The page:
Getting Started: Polar Alignment How-To

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Polar finder scopes can help align your telescope to the sky. Credit: Celestron

Are you intimidated by manual polar alignment? To be sure, computer-controlled, GPS-equipped telescopes have largely automated this task. But, like star-hopping, polar alignment is still a good skill to know.

Recommended gear

Add-on polar alignment telescopes and illuminated reticle eyepieces can make polar alignment a breeze. Here are a few currently on the market:

  • Celestron‘s CG5 CGEM finderscope: https://www.celestron.com/products/cg-5-avx-cgem-polar-finderscope ($61.95) is designed for Celestron’s CG-5, Advanced VX and CGEM line of equatorial telescopes. The scope inserts into the  polar finder port in the right ascension axis and shows polar star patterns for both hemispheres.
  • Sky-Watcher’s EQ5 polar scope ($95.00) is designed for Sky-Watcher’s AZ/EQ-5 telescope and includes includes a balance bubble for leveling, and an illuminated reticle.
  • Svbony‘s illuminated reticle eyepiece ($27.15) has a standard 1.25”-inch barrel for use on any telescope. An essential item for the drift method of fine polar alignment mentioned below, the eyepiece has double red crosshairs and variable illumination. 

When alignment is (and isn’t) needed
Fine alignment is crucial to long exposure astrophotography. Even when you’re stacking a series of shorter exposures, star-trailing can show up in short order. But during causal observing or at a public star party, rough alignment is often good enough for the drive motor to track the sky, with an occasional nudge to re-center the target in the eyepiece during the night. When rough alignment is all you need, simply aim the right ascension axis at the celestial pole, turn the drive motor on, and you’re off and running. Just be sure to check the view once in a while.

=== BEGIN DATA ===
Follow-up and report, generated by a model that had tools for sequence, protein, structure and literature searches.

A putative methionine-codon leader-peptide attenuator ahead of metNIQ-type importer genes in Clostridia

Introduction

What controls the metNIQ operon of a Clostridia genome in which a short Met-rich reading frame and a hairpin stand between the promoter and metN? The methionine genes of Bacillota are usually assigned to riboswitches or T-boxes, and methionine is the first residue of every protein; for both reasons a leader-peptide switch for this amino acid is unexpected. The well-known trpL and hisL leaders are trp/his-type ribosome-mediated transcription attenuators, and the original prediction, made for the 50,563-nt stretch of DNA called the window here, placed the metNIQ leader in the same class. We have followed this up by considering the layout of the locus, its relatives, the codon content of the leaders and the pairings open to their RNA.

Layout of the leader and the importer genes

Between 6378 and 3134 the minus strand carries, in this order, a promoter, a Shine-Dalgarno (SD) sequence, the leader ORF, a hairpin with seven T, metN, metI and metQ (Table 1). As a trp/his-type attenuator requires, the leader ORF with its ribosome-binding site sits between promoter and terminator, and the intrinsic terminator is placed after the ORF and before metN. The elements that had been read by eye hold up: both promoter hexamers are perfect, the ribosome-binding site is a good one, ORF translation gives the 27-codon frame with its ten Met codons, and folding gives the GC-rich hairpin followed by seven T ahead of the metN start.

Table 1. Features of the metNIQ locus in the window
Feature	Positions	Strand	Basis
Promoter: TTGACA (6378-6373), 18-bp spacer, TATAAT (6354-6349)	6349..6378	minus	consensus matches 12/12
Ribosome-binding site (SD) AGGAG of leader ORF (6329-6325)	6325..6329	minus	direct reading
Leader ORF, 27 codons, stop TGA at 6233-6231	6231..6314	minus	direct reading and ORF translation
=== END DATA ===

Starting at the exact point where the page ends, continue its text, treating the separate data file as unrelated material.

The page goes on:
The view through a polar finder scope. Credit: David Dickinson

Many German-equatorial mounts come equipped with a small, secondary polar alignment telescope. Some are even illuminated and etched with guide stars for either hemisphere. Here in the northern hemisphere we have a ready-made bright star very near the north celestial pole: Polaris.

Using the Big Dipper to find the Northern Celestial Pole. Credit: David Dickinson

Of course, this is only true in the current epoch. Polaris is two-thirds of a degree from the true north celestial pole (NCP). It’s moving closer to the NCP, getting closest (27′) around 2100, drifting away from it again after that. Precession of the Equinoxes is responsible for the Earth’s rotational axis wobbling, making a complete circle in the sky every 25,800 years.

Polaris is easy to find using the two pointer stars at the end of the bowl of the Big Dipper. The NCP currently lies 39′ in the direction of the 2nd magnitude star Kochab (Beta Ursae Majoris).

Finding the South Celestial Pole. Credit: David Dickinson

Finding the celestial rotational pole in the southern hemisphere is trickier. The only nearby marker star is faint 5.5 magnitude Sigma Octantis, which is over a degree (68′) from the pole. Fortunately, there are several methods to get you in the neighborhood of this faint star:

  1. Find the Southern Cross, and follow its long axis to the South Celestial Pole (SCP).
  2. Find the Large and Small Magellanic Clouds and draw an imaginary equilateral triangle, with the SCP at the third apex.